Dinner started with Golden Winter Soup from Cooking Light. Thanks to everyone who replied to my "how do I thicken my soup" thread. I used a mix of cornstarch and water and it turned out fine -- I think I was being a little paranoid about it being too thin when it really wasn't, but next time I will use more veggies and/or less chicken broth. I also added some spices and did not serve the bread/cheese included in the recipe, since we had just eaten a ton of cheese and we had bread (from Balthazar bakery) with dinner.

                                            Main course: Wild Alaskan King salmon with a mustard/herb sauce. I broiled the salmon and it came out great but I would have liked more of a "crust" on top. I also made Brussels Sprout Hash with Carmelized Shallots (from Bon Appetit -- recipe is on epicurious.com) and the roasted new potatoes with rosemary and olive oil.

                                            Dessert was chocolate pound cake served with Haagen Dazs wild berry frozen yogurt. The cake was store bought but next time I will definitely make my own dessert.

                                            Thanks so much for all the helpful advice and tips. I'm ready to start planning my next dinner party!

                                            3 Replies
                                            1. re: JennS
                                              alkapal Oct 5, 2008 10:11 AM

                                              jenn, congratulations. it all sounds delicious!

                                              1. re: JennS
                                                Sam Fujisaka Oct 5, 2008 10:23 AM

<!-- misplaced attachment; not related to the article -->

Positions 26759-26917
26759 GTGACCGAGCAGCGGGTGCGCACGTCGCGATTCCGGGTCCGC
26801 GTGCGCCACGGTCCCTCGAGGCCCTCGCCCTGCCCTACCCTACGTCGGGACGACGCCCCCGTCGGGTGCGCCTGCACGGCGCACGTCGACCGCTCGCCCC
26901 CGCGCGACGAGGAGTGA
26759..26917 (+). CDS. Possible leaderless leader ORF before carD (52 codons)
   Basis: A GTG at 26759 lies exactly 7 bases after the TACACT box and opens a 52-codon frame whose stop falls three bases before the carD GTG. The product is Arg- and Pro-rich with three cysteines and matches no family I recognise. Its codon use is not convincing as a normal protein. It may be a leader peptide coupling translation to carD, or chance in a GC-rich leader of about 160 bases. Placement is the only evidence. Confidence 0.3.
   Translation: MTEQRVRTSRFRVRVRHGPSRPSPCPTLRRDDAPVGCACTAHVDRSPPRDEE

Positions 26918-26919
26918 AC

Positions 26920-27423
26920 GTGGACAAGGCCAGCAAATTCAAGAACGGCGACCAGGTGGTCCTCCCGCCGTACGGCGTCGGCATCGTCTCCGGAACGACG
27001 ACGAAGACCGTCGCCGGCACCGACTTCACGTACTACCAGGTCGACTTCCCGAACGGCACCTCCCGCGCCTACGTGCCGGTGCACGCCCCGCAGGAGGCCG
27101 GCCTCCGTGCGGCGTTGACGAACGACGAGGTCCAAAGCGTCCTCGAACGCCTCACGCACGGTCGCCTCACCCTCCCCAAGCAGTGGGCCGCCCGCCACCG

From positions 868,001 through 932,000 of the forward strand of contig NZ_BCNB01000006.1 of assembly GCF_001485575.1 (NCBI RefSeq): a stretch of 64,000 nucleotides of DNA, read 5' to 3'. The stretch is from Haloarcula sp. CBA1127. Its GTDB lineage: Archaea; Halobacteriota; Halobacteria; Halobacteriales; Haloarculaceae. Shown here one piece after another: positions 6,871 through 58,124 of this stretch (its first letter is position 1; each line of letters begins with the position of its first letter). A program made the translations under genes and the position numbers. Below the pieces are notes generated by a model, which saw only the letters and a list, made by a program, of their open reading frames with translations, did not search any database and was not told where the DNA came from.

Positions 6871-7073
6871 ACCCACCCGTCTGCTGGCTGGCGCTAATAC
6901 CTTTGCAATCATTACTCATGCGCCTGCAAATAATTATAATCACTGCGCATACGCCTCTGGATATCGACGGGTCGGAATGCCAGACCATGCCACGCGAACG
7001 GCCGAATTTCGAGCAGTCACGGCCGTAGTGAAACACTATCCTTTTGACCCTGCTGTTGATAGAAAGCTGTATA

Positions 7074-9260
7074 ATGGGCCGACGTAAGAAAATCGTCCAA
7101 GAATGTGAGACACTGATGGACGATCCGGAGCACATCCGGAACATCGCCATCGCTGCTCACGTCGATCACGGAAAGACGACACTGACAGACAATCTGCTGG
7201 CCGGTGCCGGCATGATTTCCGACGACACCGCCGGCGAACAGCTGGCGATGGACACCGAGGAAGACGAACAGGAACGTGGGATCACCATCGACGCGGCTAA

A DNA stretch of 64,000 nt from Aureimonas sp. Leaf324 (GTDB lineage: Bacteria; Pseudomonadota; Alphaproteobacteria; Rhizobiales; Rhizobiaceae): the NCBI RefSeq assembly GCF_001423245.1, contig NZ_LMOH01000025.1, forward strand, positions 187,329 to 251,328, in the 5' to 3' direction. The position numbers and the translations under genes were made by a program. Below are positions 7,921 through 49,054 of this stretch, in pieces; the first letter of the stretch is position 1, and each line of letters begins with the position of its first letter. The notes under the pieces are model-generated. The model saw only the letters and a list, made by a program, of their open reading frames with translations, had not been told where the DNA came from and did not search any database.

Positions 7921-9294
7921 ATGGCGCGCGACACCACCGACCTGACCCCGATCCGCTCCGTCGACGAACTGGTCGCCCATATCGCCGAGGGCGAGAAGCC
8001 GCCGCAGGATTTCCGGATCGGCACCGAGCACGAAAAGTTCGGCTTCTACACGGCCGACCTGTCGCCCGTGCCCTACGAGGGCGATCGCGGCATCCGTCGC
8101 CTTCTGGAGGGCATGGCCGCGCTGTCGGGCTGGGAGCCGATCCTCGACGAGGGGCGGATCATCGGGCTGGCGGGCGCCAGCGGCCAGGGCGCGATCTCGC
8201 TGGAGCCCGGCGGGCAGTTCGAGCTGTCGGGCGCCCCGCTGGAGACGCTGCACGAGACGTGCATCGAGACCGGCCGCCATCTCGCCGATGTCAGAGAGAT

Wonderful. Congratulations!!!

                                                1. re: JennS
                                                  maplesugar Oct 5, 2008 12:05 PM

                                                  Wonderful news! Congratulations Jenn! :)

                                                2. l
                                                  LJS Oct 6, 2008 08:49 AM

                                                  So pleased you got back to us and with such an excellent report! I will be looking out for Humbolt Fog Cheese...it is new to me, but what a great name.

                                                  1 Reply
                                                  1. re: LJS
                                                    Phurstluv Nov 16, 2009 06:22 PM

                                                    Humboldt Fog is AWESOME cheese. Cowgirl Creamery has it , I believe, online, if you cannot find it at your local grocer or cheeseshop.